The violence in Charlottesville has many people thinking about racism. Parth Shah spent a little less than a year in Wisconsin as part of a fellowship. Recent events led him to reflect on his time in Madison and an event that he can’t – and hasn’t – forgotten.
“Did you like it there?” she asked, with raised eyebrows and a tone of surprise.
This is the most common question I get when I tell someone I briefly lived in Wisconsin before moving to Washington, DC.
I spent a little less than a year in Madison. After graduating college in 2015, my trusty white Toyota Camry and I made the 14 hour trek from North Carolina to Wisconsin. Madison was supposed to be the first stop on my journey to becoming the next Ari Shapiro; I‘d landed a reporting fellowship at WPR. Yeah, that’s right. I was a 22 year old transplant to Dane County who didn’t work for Epic. I was basically a unicorn.
Madison quickly seduced me. It’s the city where I perpetuated stereotypes about Indian-Americans and won my first spelling bee; albeit a drunk spelling bee at Lucky’s. Madison is also where I had my first gay marriage. That’s what I call a slice of Ian’s pizza topped with Paul’s pel’meni.
These are the things I usually tell people when they ask me if I liked living in Wisconsin. But that’s not all that happened there..
The day after Christmas, a friend and I decided to get Chinese food for dinner. It was only 5 PM but since the sun has already set and the streets were mostly deserted, it felt like it was much later. A few yards away from our parking space, three white men in their early twenties stood on the sidewalk. One of them was staring dead at me.
We walked toward the restaurant. The staring guy asks what my name is. I ignore him. He then asks, “is it Hasan?” Before I can say no, he shouts, “don’t blow up the place, terrorist.”
We quicken our pace. The man and his friends start to walk in the opposite direction, thankfully. They keep yelling, but I can’t hear what they’re saying. My ears were ringing in shock. That was the first time I’d ever been called a terrorist.
We enter the restaurant. My friend is silent as she looks at the menu. “That was crazy,” I say to her, choking up She says something like “yeah, that was terrible.” We change topics. We place our orders, eat, and head back to the car, this time, without getting called a terrorist.
When I got back to my apartment, I started unpacking. I’d just spent two weeks with my family in North Carolina, going on and on about how much I loved Madison. I told my family that in just a few short months, I had become a full fledged Sconnie. That man on the street reminded me to slow down. In his eyes, I didn’t belong in Madison.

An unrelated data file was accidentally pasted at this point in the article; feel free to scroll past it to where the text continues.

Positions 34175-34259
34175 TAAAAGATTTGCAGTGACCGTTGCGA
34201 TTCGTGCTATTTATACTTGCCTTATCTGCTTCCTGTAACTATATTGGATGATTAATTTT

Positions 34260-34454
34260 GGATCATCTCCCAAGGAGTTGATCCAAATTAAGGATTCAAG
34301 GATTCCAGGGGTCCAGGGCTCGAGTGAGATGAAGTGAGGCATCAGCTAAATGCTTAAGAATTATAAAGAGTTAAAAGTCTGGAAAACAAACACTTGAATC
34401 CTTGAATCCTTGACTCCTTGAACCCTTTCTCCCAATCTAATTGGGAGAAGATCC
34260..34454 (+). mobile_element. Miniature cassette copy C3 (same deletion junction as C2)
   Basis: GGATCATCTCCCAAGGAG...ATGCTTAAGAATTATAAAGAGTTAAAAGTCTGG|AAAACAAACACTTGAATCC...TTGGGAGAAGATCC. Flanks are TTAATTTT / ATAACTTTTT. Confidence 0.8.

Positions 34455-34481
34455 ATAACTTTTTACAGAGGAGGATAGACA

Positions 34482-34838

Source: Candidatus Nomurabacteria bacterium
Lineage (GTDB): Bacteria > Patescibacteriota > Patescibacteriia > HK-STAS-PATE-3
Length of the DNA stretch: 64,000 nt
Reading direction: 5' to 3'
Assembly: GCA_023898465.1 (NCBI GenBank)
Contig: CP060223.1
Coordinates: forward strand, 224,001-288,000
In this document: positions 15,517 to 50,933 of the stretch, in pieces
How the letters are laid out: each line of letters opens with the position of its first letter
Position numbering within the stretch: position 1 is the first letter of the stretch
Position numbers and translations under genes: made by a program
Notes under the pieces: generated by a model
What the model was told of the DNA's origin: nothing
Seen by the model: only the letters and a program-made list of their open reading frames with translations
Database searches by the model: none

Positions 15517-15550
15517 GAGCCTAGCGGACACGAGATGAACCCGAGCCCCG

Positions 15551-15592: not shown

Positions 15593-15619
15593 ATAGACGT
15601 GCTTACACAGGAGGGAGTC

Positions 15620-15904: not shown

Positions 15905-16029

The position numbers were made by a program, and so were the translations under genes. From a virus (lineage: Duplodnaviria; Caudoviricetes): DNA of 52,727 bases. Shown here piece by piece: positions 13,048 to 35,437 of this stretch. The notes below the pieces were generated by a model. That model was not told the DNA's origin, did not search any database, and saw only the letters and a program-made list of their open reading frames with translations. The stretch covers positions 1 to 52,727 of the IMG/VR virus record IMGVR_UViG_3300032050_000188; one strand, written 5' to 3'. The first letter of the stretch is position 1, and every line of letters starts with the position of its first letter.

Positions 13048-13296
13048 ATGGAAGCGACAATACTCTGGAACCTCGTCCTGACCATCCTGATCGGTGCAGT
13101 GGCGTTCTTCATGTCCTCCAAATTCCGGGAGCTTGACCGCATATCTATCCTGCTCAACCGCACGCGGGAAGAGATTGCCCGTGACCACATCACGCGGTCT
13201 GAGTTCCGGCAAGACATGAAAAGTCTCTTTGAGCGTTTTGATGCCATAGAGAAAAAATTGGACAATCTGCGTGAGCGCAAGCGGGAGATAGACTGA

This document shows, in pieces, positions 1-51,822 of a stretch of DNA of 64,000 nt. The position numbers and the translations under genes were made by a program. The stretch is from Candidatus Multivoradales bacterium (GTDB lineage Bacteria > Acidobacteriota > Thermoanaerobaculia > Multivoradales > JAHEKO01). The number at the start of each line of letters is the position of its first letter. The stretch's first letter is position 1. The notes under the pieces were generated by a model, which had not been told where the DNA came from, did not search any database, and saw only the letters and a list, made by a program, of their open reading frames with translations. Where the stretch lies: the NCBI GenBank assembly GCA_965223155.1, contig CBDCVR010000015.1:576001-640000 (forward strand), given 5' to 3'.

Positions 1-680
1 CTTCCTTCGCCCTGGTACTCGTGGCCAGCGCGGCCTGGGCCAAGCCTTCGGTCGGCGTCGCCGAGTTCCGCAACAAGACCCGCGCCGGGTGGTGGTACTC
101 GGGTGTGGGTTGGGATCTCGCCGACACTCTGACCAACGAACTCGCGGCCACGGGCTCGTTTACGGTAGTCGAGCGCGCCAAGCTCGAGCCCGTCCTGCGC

After putting away my clothes, I walked into the bathroom. In the mirror, I saw a pair of puffy red eyes. I didn’t realize I’d spent the past ten minutes crying.
Crying out of disgust at the random guy who called me a terrorist; crying out of disappointment at myself for being hurt by his words; crying out of disbelief that my friend didn’t stand up for me.
“Did you like it there?”
When someone asks me that question, I usually respond with some cute piece of trivia. “Wisconsin has more than 10,000 lakes,” or “ Wisconsin Dells is the waterpark capital of the world.”
But on the night of the white supremacy rally in Charlottesville, the memory of that December evening was the first thing that came to mind.
I met lots of white allies in Madison. People who will post avidly about the wrongs of racism and white supremacy. But are they having those same conversations offline?
There are people who live in Wisconsin who have no relationships with people of color. That’s the nature of living in a state that’s 83 percent white. But that lack of racial diversity is precisely why people in Wisconsin need to be having more conversations about race. It’s easy to shrug off the problematic things your elderly uncle says at the Thanksgiving table. It takes courage to stand up to him and explain why his views are harmful.
Talking about race doesn’t make you racist.
Madison may not have the same Confederate history as Charlottesville. But white supremacy is still alive and well in a city built on top of Native American burial grounds.
What happened in Virginia could just as easily have happened in Wisconsin.
And it still could.